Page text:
The future of Toby Alderwiereld at Tottenham Hotspur
The Toby Alderweireld storm has been gathering for some time now, but it is almost as if, somewhere along the way, it has blown itself out without ever dumping its load. According to most Tottenham fans and many of the less one-eyed followers of other clubs, the Belgian is the best central defender in the league. The tabloids insist he is demanding £180k per week. The six million dollar man Levy, however, won’t budge from a paltry £130k which is what Manchesters City and United pay their ballboys. Given Toby’s contract has only a year left, they and a bunch of other giants will be smacking their lips at the prospect of snapping him up for a measly £50 million.
Toby was Mr Indispensible; losing him didn’t bear thinking about. A pure footballer and genius defender whose positional sense, reading of the game and intelligence means he rarely makes mistakes. And, imagine, a defender so good, he doesn’t need to foul the opposition to smuggle the ball away before dispatching it onto the toe of a teammate from five or fifty yards. But one long-term injury and several niggles seem to have stripped something from his game. He returned looking far less assured, slower (speed never being one of his principal assets anyway) and oddly accident prone, even against modest lower league opposition.
But still, he’s only 29 and defenders go on that bit longer. Surely he’ll find his form again? Maybe, but Spurs have managed pretty well without him, the defensive record every bit as solid, the unbeaten run in the league extending to 14 matches. And Spurs fans, it seems, have grown weary of Toby’s demands, urging him to show some loyalty rather than holding the club to ransom.
No Toby, no problem
Two key factors have allowed the club to dig its heels in, the first of these being Davinson Sanchez. The Colombian defender has been masterful, rising to the absence of his Belgian defensive colleague like a colossus. Powerful, mobile, quick, clever. Sanchez has been extraordinary, a virtual fixture at 21, a kid who, if he maintains his current arc, could become one of the most coveted players in the world.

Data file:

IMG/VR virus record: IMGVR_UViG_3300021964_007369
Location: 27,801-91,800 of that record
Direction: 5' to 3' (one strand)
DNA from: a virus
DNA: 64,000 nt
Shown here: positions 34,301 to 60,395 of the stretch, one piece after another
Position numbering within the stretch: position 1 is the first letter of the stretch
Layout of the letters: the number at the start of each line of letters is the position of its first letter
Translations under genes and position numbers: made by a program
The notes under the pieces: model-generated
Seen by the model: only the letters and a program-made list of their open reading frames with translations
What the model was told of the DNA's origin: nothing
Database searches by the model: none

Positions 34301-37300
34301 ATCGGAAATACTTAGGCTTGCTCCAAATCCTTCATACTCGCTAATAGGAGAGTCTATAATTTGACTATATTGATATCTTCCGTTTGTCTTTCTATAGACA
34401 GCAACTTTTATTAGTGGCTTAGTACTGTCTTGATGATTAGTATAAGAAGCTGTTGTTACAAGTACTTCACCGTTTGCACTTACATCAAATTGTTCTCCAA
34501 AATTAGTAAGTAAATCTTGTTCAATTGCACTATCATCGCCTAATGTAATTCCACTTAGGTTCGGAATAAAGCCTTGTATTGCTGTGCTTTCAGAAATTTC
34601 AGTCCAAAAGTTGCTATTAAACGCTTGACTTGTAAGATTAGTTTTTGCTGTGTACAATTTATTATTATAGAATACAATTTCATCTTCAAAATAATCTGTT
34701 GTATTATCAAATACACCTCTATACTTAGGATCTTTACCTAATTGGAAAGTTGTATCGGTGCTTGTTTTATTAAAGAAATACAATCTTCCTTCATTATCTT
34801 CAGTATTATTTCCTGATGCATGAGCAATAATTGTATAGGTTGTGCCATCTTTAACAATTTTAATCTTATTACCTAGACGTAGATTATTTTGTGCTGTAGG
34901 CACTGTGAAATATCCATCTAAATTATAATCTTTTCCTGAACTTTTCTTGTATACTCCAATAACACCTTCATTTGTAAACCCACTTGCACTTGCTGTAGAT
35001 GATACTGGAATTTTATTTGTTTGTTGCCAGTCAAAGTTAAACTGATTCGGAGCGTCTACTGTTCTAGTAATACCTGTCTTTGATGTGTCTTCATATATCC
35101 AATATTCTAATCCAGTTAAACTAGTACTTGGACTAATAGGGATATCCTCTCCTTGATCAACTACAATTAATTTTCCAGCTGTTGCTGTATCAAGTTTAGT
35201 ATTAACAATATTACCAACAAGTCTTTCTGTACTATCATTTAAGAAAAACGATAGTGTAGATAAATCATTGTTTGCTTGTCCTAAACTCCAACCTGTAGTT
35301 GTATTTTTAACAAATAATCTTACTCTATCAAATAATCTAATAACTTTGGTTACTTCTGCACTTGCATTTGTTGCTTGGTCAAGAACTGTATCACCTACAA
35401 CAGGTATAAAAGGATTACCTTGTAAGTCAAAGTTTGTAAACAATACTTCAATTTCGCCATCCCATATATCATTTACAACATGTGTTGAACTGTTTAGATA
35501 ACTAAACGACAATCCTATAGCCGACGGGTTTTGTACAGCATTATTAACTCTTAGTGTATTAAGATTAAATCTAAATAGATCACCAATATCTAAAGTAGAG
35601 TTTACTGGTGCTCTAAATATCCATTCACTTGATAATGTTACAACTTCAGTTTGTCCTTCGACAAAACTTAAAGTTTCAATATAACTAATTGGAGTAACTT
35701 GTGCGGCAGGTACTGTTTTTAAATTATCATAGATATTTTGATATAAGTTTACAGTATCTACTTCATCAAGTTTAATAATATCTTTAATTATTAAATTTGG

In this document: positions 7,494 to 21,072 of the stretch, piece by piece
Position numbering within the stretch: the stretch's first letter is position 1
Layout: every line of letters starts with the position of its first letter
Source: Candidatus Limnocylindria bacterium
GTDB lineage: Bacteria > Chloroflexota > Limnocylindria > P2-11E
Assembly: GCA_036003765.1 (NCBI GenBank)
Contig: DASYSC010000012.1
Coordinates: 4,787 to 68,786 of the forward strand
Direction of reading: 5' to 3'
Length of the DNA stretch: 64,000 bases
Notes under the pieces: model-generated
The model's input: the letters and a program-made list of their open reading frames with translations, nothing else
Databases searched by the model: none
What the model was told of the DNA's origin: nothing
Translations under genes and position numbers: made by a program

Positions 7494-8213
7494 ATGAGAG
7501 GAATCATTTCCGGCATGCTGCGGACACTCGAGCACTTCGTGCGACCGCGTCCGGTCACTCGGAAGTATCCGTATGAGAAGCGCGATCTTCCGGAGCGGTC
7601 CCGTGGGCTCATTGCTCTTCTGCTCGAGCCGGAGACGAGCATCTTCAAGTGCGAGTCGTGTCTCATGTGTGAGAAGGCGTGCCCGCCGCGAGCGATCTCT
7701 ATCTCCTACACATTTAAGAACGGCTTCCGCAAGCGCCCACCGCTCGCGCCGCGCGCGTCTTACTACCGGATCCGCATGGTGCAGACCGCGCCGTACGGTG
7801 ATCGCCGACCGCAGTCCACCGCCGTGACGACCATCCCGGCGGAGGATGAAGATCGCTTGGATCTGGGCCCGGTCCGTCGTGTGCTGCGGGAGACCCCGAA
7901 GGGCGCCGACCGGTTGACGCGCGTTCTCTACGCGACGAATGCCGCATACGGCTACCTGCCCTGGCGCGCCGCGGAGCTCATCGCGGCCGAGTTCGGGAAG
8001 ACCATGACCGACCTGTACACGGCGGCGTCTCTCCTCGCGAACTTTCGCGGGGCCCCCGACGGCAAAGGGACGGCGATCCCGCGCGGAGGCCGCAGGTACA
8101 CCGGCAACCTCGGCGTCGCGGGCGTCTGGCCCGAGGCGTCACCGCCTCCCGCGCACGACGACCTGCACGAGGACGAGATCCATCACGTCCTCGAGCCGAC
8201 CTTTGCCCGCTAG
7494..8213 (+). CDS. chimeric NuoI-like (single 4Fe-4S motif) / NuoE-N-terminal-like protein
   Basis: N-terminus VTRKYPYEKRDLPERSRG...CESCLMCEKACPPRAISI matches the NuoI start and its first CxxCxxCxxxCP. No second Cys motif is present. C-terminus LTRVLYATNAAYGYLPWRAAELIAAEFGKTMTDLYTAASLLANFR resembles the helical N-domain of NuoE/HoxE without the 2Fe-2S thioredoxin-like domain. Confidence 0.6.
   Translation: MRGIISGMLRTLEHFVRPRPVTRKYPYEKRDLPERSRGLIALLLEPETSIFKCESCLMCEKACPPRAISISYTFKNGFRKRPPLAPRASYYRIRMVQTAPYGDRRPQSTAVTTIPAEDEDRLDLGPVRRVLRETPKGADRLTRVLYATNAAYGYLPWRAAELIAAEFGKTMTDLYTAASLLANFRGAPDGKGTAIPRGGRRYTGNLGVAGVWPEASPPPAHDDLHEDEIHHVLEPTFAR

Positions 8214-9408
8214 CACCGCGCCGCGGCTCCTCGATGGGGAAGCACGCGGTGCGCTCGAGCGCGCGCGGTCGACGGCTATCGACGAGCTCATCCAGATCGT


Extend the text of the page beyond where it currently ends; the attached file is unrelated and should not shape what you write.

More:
The same can also be said of the second factor – Jan Vertongen. Alderweireld’s centre-back partner for many years, even before the pair joined Spurs at Ajax, has proven to be a figure of real significance for Spurs. So much so that combined with Sanchez, the two have formed an equally impressive partnership, if not even more so. So the question remains – when will the likes of Real Madrid come sniffing? It’s also worth adding that Dier can always fill in as one of a three or two, and young Foyth looks to be a prospect.
The team, the team
Pochettino is all about the collective. Superstar individuals are expected to put a shift in. Hence Kane, Alli and Eriksen’s prodigious work rate (take note, Marcus Edwards). As soon as a player sets himself apart, seeks special status, demands wages that throw the whole structure out, he’s cast adrift. Danny Rose is already halfway out the door and Mousa Dembele might also be talking himself into a cab. This perceived disloyalty could make Toby dispensible in Poch’s eyes, and his most recent comments about the difficulty his one-time star defender will have getting back into the side suggest his locker is already being cleared out.
The bigger problem?
Despite all this, Spurs’s relatively modest wage structure and the Pochettino magic may only stretch so far. Kane could be earning double elsewhere, albeit he’s Spurs through and through and, for now at least, desperate to win something with his club. But what about those without an emotional tie to the club, i.e. everyone except Harry Winks? It’s a short career and who can blame Kyle Walker for tripling his wages when he has maybe 5 years left to earn top dollar?
Spurs’s success is all the more remarkable for their sensible, organic approach to team building and Levy should be lauded for standing up to the madness. The fans of course want trophies, but there is joy to be had in watching a team blossom, seeing players bought on the cheap develop into superstars. However, at some point, you feel Levy will have to cave or risk losing everything he and Poch have so painstakingly built.
Will he, won’t he?
Of course, Toby might yet stay. Who wouldn’t want to be part of the Poch revolution, to play in the new stadium, to challenge on all fronts? But there will be no middle ground when it comes to wages. Levy’s idea of a compromise is to listen to everyone’s demands before settling on the figure he’s prepared to pay. So, Toby will probably be heading for a club willing to splash the cash. If that’s the case, then Spurs will have to go marching on without him.